Calibration is vital wherever measurements are important, giving users and businesses confidence in the results that they monitor, record and control, says Rick Petford of Tempcon Instrumentation.
Calibration is the process of comparing a reading on one piece of equipment or system with another piece of equipment that has been referenced to a known set of parameters. The equipment used as a reference should itself be directly traceable to equipment that is calibrated according to ISO/IEC 17025.
This is the international standard for the accreditation of testing and calibration laboratories. It includes quality management system requirements along with technical requirements. In the UK, ISO/IEC 17025 accreditation is provided by UKAS. So, often, calibration performed by an ISO/IEC 17025 accredited laboratory is referred to as “UKAS calibration”.
How temperature calibration is carried out
In general use, calibration is often regarded as including the process of adjusting the output or indication on a measurement instrument to agree with the value of the applied standard, within a specified accuracy. However, this is actually two processes: calibration and adjustment. It is important therefore to understand exactly what service you require. It is also important to understand what is being calibrated and how the calibration is being performed.
As an example, consider a digital thermometer that uses an external temperature probe. Many people are surprised to learn that their calibration is performed using a simulated temperature value that is applied to the thermometer only. A test instrument is attached to the digital thermometer and a voltage equivalent to a specific temperature is applied to the digital thermometer. The result is recorded, and the thermometer is then considered to be calibrated.
Many users require, and probably expect, a more rigorous calibration to be performed that reflects real-world use. Here, the preferred method is to test both the digital thermometer and the temperature probe together (in other words a “system test”) and to use a real heat source. The value displayed by the system being tested is then compared against the standard (the system with a known or assigned accuracy as described above).
The importance of calibration
Calibration defines the accuracy and quality of measurements recorded using a piece of equipment. Over time there is a tendency for results and accuracy to drift, particularly when using particular technologies or measuring particular parameters such as temperature and humidity. To be confident in the results being measured, there is a continuing need to maintain the calibration of equipment throughout its life for reliable, accurate and repeatable measurements.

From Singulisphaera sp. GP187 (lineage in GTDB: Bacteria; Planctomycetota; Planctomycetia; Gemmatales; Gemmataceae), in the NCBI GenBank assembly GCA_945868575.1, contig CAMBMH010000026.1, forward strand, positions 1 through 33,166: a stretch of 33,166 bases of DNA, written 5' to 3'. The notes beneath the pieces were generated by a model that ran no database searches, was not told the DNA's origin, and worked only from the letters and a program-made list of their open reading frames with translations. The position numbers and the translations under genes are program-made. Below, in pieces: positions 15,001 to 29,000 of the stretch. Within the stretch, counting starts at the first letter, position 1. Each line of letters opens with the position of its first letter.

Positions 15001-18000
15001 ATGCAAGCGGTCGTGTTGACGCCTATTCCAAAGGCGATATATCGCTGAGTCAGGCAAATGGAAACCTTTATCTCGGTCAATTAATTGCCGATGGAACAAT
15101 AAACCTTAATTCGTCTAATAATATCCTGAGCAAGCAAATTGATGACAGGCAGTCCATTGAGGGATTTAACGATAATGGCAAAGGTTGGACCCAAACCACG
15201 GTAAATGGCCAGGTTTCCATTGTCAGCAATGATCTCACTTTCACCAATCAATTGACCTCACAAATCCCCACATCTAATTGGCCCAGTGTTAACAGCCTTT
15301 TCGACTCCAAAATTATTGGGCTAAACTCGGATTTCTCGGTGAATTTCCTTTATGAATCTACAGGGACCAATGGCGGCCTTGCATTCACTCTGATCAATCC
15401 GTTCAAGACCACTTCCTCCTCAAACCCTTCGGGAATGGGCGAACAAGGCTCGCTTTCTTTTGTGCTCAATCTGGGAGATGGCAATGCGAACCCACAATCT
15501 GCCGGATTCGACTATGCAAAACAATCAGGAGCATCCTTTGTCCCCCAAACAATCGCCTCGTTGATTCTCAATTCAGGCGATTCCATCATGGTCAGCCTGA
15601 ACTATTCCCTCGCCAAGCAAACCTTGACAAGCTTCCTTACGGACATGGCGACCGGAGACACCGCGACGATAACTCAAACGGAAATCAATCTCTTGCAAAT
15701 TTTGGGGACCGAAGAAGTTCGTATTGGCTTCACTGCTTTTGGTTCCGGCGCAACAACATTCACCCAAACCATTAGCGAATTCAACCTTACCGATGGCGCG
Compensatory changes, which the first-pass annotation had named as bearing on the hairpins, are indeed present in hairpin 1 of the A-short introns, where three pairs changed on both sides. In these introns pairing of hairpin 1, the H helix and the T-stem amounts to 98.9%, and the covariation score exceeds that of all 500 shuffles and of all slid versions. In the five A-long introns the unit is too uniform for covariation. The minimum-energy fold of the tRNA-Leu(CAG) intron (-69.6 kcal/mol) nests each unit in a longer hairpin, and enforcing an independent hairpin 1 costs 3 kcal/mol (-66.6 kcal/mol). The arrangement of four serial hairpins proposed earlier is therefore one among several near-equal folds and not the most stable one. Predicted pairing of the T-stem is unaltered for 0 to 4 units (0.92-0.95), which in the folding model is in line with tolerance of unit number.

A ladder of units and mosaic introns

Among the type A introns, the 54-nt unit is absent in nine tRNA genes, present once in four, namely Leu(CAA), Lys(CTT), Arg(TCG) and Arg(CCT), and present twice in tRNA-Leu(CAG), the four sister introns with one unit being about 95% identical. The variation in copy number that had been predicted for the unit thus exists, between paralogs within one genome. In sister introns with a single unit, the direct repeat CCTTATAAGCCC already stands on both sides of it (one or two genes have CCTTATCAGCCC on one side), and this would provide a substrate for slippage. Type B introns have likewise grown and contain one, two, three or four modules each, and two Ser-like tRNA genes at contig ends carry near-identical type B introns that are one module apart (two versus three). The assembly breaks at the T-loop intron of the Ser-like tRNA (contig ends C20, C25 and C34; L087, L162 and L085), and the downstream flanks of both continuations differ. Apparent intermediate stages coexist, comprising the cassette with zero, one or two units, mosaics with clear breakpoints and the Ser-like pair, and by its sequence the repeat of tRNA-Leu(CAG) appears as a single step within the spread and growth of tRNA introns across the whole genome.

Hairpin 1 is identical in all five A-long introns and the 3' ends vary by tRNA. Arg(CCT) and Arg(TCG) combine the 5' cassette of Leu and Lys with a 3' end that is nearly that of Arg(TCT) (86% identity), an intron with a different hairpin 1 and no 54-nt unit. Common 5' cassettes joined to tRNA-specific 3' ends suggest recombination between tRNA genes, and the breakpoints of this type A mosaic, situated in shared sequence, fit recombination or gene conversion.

The goal of calibration is to minimise any measurement uncertainty by ensuring the accuracy of test equipment. Calibration quantifies and controls errors or uncertainties in measurement processes to an acceptable level.
In catering, or commercial kitchens, the implications of using a piece of equipment that has not been calibrated could be that a critical food temperature is incorrectly measured; this could result in:
- a food safety issue
- a breach of HACCP and customers being ill
- a notice of closure from an Environmental Health Office
- legal action
In manufacturing process applications, any equipment used should be calibrated at multiple points across its working range to provide reliable information to critical alarms and systems, at the very least to maintain consistent product quality. Failure to calibrate, or improper calibration, has been the cause of injury, death and even major environmental disasters.
When to calibrate
When considering how often to undertake calibration, think of the cost of calibration as an investment and the potential results of an incorrect reading as the cost of not making the investment. What level of precision is required, and why? How heavily is the measuring equipment used?
For most industries, the standard is to calibrate annually. As you gain results from calibration tests, you will be in a position to adjust the frequency of calibrations, or upgrade to more robust measuring instruments if needed. Most calibration laboratories supply a printed calibration certificate for the customer to retain as proof of quality standards.
In summary, calibration is vitally important wherever measurements are important: it gives users and businesses confidence in the results that they monitor, record and subsequently control.
Tempcon provides competitively priced, comprehensive in-house thermometer and probe calibration services, using UKAS traceable calibration equipment. UKAS calibration is also available.